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The Capirotada Fair 2019 at Ajijic Malecon

The fifth annual “Féria de la Capirotada” was held again at the park along the Ajijic malecon, Saturday, April 6th, 2019. It started at three in the afternoon but this year I went an hour early so I could get photos before the crowd arrived.

Stand
Stand

This event also celebrates the beginning of spring. Capirotada, bread pudding, is only made during the Lenten season, especially on Good Friday.

Capirotada
Capirotada

For people who are not Catholic, lent begins six weeks before Easter. It starts on Ash Wednesday, March 6th this year, and ends on April 18th. The next day is Good Friday. It is a time of fasting and penance to reflect what Christ went through on those days.

Capirotada
Capirotada

These days people often choose to give up something they like instead of fasting. Maybe giving up their internet? Or Cell phones?  But Good Friday is the day when Capirotada is served the most.

Stand
Stand

The first Capirotada recipe was recorded in 1640. Through all these years it has been revised by probably thousands of creative cooks. But the basic ingredients are always there. Each ingredient represents a part of the passion of Christ. The bread represents the body of Christ.

Stand
Stand

The sweet syrup represents his holy blood. The cinnamon sticks represent the wooden cross. The raisins are reminders of the nails in the cross.

Participant
Participant

The cooks varied from individuals to couples to groups. Both men and women were involved.  But they all had smiles in common.

Participant
Participant

At the end of the day there are prizes given out to the most popular capirotadas. Votes are cast by the People’s Choice tasting and voting system and also by a panel of qualified judges.

 

Participants
Participants

The  group in the above photo were from the Tecnológico de Chapala 1.

Stand
Stand

Believe it or not, that is a watermelon in the above photo. Carved by the young woman in the previous photo.

Participant
Participant

In 2017, there were 17 stands. In 2018  there were 27 stands. And this year, 2019, there were 34 stands. Obviously, this event is becoming more popular every year.

Capirotada
Capirotada

You can see from all these photos that all the capirotadas are different. They range from the traditional dark ones to the light ones, made with cream and fruit in the above photo. But they all are delicious.

Participant
Participant

I was told that the woman in the above photo was responsible for making three different Capirotada dishes. Yet she still managed to look  relaxed and beautiful. I can’t imagine doing that without being a wreck.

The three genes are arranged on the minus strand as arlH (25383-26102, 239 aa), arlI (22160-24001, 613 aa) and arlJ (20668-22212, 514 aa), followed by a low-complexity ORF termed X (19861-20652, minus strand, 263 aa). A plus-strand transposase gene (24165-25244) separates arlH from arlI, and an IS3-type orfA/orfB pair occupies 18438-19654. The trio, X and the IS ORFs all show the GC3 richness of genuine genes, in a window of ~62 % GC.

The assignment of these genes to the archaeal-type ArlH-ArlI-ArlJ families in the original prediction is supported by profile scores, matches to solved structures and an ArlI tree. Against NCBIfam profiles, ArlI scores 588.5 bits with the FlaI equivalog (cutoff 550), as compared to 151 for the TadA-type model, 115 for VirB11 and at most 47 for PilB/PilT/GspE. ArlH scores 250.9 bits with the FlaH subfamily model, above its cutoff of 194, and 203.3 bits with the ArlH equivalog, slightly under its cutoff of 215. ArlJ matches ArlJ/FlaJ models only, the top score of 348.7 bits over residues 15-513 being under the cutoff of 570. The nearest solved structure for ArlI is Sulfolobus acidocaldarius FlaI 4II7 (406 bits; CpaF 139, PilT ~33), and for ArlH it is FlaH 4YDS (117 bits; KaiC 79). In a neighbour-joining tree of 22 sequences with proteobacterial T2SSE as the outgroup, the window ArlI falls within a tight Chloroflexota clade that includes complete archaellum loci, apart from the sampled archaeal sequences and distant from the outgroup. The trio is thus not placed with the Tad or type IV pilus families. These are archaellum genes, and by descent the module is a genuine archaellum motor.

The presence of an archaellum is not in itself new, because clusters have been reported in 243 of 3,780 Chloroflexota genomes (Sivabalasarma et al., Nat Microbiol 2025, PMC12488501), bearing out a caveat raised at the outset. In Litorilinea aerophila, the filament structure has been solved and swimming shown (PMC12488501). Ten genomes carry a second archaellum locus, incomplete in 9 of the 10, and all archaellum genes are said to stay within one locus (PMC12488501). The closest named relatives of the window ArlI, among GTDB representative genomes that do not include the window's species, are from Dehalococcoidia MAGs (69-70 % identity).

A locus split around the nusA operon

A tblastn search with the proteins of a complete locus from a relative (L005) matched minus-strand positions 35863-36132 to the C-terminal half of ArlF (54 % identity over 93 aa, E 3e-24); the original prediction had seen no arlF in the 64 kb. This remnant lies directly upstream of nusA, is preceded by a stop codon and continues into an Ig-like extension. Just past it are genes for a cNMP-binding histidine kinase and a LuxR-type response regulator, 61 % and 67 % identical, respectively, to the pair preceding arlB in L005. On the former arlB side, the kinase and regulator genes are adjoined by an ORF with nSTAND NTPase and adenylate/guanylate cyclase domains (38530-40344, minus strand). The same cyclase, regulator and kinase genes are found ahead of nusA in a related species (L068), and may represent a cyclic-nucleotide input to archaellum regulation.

Lee Hooper
Lee Hopper

Lee Hopper was born in the United States but grew up in Ajijic. He started this contest five years ago to promote the preservation of the traditional Capirotada because he loved it in his youth.

Tasters
Tasters

The samples were served two different ways. Above is a photo of the paper muffin cups and below is a photo of the small pottery bowls. These bowls were also sold for twenty pesos if you didn’t want to use the muffin cups.

Tasters
Tasters

The above recipe had many nuts and dry fruits. I didn’t taste this one. I couldn’t taste them all, unfortunately.

Children
Children

Among the crowd, these children managed to find a spot for playing. Do you think they are having fun?

Crowd
Crowd

Finall, the event opened up for tasting and each booth was flooded with hungry people. As I looked around at the crowd I didn’t see many expats. The ones I had talked with before the event did not know what Capirotada was and so they weren’t going to the event. Too bad for them. I hope next year the word will get around and more expats will attend and maybe even participate in making a Capirotada of their own to share.

Crowd
Crowd

Lee Hopper sold raffle tickets again this year. The profits go to local charities. Many restaurants donate free meals as prizes. It is good advertising for them and helps the charities. Win win for everyone, especially for the lucky ticket holders.

Decorations
Decorations

After reading this article, if you want to be part of next year’s Féria, you can contact Lee Harper by way of his e mail address. Feriacapirotada@earthlink.net

The malecon
The malecon

I took a walk along the malecon. The water was all the way to the edge of it. It was a beautiful day. I am the lucky winner to be living here.

Capirotada
Capirotada

Looks like we are coming to the end of this year’s Féria. Not much left to serve.

Child
Child

I felt about as tired as the little boy in the photo above after eating all that bread pudding. Time to go home and take my own nap.

I hope to make it to next year’s event. If you are around, don’t miss it. Your stomach will be grateful.

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Writer Evelyn

I am a single retired woman living in Ajijic Mexico. I participate in writing informative articles about the Lake Chapala area for AccessLakeChapala.com and hope my posts can give you an idea of what to expect when you visit the area.

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